In the epidemiology sub-section, the article states that “the point prevalence of conversion symptoms in clinical settings ranges from 2 to 6 percent.” The section cites three studies, including Stone et al. Here’s what it notes about the latter: “A prospective study of 3781 neurology outpatients found that conversion disorder was present in 6 percent.” This statement is obviously inconsistent with any claim that the study found FND to be the second-most-common presentation, which itself is based on the assertion that the prevalence was 16%.

It remains perplexing that experts in this field, including co-authors of the SNSS, have had no hesitation in tripling that study’s reported prevalence rate by lumping in many other participants who might have had “functional” disorders but did not meet the specific diagnostic criteria for FND—as if the criteria were optional or irrelevant. They clearly know that the SNSS did not in fact find FND to be the #2 diagnosis, as evidenced by the various correct citations of the data. Yet this false claim now peppers the medical literature. 

We hope FND experts take this correction to heart and exercise more caution in citing the SNSS in future papers. The many co-authors of Perez et al, a virtual who’s who of leaders in the field, might also consider initiating similar corrections in every article of theirs that includes the same mis-citation. 

Thank you again. Now that this issue is settled, I plan to blog about it. (I posted the original letter we sent but have refrained from further public comment while the question was being debated.) I will forward the link to any posts that I write.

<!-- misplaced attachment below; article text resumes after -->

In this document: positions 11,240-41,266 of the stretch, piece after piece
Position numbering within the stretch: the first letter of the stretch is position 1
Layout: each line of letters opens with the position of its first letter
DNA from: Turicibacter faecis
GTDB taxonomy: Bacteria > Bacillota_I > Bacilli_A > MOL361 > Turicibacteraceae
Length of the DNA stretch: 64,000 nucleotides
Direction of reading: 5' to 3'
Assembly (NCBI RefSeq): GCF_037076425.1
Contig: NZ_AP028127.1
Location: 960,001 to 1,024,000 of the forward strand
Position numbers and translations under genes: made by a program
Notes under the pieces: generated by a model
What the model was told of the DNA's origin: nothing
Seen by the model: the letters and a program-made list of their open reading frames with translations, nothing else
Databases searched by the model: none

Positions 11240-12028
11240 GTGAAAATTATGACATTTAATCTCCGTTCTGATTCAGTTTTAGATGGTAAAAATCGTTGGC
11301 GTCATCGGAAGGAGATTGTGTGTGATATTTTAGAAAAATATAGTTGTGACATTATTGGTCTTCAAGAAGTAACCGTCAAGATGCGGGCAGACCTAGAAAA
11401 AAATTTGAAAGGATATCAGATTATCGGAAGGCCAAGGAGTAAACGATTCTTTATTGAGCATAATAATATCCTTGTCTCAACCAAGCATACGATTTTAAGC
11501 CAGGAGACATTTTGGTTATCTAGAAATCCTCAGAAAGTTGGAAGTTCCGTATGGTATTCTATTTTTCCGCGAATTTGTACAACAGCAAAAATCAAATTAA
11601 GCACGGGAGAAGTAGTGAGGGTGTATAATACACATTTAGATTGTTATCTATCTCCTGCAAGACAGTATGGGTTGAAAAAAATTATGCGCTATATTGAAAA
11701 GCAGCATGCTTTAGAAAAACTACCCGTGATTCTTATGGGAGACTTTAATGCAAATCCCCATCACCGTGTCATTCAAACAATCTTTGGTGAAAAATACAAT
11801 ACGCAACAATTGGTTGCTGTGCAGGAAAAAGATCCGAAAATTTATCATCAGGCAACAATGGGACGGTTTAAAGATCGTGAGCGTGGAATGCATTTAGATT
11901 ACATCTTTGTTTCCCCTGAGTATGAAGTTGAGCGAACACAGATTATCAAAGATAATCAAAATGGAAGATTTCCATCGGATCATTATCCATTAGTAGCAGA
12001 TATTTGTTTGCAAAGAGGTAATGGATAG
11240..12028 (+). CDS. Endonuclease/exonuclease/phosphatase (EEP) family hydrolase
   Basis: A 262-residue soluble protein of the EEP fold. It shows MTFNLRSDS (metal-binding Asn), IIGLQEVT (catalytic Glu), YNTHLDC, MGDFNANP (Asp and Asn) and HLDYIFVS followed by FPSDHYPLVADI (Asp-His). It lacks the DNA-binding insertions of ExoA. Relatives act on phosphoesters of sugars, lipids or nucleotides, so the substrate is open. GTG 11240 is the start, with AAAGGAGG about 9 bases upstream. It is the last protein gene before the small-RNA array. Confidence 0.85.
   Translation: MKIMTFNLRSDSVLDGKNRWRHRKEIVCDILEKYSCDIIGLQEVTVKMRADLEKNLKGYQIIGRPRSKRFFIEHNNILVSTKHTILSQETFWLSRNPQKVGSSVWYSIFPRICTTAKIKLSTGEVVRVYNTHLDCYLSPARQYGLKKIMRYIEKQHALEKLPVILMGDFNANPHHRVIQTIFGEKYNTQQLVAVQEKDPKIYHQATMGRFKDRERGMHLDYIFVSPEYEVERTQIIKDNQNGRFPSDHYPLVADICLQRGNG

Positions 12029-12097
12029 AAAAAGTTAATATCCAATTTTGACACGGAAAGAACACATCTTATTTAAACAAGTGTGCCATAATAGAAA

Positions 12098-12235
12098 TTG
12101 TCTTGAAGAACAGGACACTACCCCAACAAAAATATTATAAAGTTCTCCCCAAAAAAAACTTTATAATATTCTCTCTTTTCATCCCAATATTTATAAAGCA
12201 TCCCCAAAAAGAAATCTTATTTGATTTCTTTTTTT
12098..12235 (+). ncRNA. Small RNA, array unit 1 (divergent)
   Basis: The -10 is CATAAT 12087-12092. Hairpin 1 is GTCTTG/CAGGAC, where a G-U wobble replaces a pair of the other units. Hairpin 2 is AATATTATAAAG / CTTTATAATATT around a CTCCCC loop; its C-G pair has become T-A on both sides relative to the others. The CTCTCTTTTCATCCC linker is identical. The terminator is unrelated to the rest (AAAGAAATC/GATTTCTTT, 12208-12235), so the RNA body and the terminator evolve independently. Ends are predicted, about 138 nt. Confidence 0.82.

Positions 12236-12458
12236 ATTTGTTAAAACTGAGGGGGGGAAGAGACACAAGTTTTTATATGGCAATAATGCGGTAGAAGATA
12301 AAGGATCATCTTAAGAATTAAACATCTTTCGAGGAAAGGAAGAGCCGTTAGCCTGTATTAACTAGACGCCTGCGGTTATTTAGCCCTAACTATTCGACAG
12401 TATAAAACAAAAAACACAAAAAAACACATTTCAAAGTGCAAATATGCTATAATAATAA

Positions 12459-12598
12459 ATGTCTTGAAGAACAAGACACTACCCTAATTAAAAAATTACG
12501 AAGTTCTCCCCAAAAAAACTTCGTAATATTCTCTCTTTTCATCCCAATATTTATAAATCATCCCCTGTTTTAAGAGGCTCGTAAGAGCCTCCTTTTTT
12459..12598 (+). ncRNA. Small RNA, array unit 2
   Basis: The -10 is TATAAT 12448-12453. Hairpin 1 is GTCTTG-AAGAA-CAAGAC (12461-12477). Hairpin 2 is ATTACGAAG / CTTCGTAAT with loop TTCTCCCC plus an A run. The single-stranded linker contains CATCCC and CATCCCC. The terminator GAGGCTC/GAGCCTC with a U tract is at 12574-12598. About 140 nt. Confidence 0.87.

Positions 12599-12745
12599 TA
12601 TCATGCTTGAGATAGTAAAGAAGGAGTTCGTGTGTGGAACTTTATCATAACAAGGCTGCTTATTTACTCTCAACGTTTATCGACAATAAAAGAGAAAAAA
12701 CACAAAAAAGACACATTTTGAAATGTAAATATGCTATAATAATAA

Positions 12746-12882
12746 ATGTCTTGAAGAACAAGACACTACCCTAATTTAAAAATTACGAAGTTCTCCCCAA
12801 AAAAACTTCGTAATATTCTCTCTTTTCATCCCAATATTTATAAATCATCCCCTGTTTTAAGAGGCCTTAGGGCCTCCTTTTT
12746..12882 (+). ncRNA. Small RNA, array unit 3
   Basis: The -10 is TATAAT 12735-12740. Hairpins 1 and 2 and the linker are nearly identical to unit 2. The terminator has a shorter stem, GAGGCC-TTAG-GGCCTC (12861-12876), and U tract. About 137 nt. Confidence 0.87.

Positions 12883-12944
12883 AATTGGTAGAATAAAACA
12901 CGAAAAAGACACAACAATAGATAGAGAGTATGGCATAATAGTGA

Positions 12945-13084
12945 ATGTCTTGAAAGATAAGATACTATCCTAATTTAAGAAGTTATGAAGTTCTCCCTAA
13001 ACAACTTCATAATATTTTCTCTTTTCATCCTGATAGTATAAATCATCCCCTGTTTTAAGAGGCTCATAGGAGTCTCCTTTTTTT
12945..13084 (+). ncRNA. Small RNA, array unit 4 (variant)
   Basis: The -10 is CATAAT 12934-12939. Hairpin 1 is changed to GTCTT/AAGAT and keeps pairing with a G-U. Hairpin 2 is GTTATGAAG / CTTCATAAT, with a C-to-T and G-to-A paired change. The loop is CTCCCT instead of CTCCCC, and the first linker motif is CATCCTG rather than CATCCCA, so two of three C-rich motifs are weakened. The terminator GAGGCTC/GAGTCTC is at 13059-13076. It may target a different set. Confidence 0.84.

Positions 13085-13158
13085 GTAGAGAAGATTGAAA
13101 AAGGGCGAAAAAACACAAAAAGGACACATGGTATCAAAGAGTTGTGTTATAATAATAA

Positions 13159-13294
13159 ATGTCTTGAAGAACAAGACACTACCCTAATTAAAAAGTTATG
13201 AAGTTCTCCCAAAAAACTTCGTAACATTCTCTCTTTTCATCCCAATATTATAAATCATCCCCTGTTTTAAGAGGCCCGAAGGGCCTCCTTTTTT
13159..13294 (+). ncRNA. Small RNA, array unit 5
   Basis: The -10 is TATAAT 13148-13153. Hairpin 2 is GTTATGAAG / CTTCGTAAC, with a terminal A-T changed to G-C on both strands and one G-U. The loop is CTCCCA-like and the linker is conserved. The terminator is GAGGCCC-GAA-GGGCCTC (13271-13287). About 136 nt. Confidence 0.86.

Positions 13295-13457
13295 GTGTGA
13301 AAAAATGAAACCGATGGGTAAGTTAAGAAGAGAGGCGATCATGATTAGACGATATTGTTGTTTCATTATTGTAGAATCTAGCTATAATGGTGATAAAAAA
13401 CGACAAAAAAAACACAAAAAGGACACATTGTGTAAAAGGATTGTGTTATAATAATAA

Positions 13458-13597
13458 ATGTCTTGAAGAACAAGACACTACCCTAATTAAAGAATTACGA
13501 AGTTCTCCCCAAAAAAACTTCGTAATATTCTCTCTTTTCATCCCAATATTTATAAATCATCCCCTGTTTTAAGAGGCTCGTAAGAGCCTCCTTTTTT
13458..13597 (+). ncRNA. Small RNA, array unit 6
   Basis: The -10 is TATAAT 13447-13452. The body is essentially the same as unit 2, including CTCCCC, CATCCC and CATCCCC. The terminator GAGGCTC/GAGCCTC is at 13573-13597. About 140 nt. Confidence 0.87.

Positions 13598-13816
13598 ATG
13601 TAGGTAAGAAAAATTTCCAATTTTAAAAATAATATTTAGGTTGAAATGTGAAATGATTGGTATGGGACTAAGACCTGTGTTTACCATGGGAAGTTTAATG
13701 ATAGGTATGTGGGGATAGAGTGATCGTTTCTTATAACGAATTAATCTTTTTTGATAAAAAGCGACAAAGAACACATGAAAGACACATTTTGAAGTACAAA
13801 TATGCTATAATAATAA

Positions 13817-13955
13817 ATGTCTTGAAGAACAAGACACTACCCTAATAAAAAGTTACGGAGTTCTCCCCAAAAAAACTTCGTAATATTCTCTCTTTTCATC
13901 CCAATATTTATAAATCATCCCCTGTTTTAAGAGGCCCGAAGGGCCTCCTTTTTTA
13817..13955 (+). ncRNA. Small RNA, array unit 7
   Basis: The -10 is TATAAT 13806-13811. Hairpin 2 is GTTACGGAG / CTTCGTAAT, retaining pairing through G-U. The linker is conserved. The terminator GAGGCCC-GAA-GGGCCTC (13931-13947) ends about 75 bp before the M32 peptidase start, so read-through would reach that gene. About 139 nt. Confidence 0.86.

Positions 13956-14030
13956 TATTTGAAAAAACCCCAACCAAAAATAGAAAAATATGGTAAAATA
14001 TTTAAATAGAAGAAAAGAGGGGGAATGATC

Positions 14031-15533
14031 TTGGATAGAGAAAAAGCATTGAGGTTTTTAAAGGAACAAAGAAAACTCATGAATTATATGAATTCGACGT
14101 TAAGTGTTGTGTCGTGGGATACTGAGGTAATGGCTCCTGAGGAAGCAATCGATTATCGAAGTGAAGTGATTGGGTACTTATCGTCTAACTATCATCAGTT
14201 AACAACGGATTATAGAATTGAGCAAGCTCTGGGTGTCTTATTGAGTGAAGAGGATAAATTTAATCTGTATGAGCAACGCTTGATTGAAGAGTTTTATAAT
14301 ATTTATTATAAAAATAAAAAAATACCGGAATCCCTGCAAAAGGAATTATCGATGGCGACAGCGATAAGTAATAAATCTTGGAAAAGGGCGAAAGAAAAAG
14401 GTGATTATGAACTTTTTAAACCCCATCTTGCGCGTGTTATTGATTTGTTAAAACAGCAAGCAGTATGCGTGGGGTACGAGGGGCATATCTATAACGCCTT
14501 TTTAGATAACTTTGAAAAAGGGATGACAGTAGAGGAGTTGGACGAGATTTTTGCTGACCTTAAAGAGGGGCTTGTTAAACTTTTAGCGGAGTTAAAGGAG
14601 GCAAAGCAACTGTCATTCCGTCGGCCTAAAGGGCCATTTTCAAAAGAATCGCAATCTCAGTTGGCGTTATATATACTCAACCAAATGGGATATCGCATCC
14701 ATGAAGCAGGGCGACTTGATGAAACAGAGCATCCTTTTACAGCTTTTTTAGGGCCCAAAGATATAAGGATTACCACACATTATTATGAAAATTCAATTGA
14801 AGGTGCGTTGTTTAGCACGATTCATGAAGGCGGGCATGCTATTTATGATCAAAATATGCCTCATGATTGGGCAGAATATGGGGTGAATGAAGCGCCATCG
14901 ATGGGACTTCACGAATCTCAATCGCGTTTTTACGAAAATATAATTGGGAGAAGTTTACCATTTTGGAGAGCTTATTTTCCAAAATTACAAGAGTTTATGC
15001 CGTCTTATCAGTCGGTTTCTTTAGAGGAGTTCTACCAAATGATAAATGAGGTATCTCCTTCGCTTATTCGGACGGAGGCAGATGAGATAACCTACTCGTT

David Tuller, DrPH
Senior Fellow in Public Health and Journalism
Center for Global Public Health
School of Public Health
University of California, Berkeley


Some further thoughts on this matter…

As noted in my response to Dr Zalesky, we still believe the use of “common” on its own is problematic—it could mean anything to anyone. The authors clearly do not want to be held to the 5.5% figure from the SNSS, even though that is the largest and most authoritative study on the issue. Instead, they prefer to leave the meaning of “common” vague, allowing readers to interpret that how they will. Presumably they believe that the higher rates are more accurate than 5.5%; I assume that’s why they have made this claim repeatedly. But even if that is their belief, it does not warrant the distortion of findings from the SNSS.

It takes an impressive amount of chutzbah to routinely mis-cite data in this way; it is hard to imagine that Berkeley graduate students in my department would get away with such misrepresentation in their dissertations without serious repercussions. It is also perplexing that the entire field of FND has accepted these mis-citations without apparent question. For top medical journals to have published dozens of papers in the last decade with these indisputably untrue claims represents a failure of the peer review process. I hope this situation triggers some soul-searching on the part of authors, peer-reviewers and journal editors about the proper way to cite study findings—although I won’t hold my breath on that score.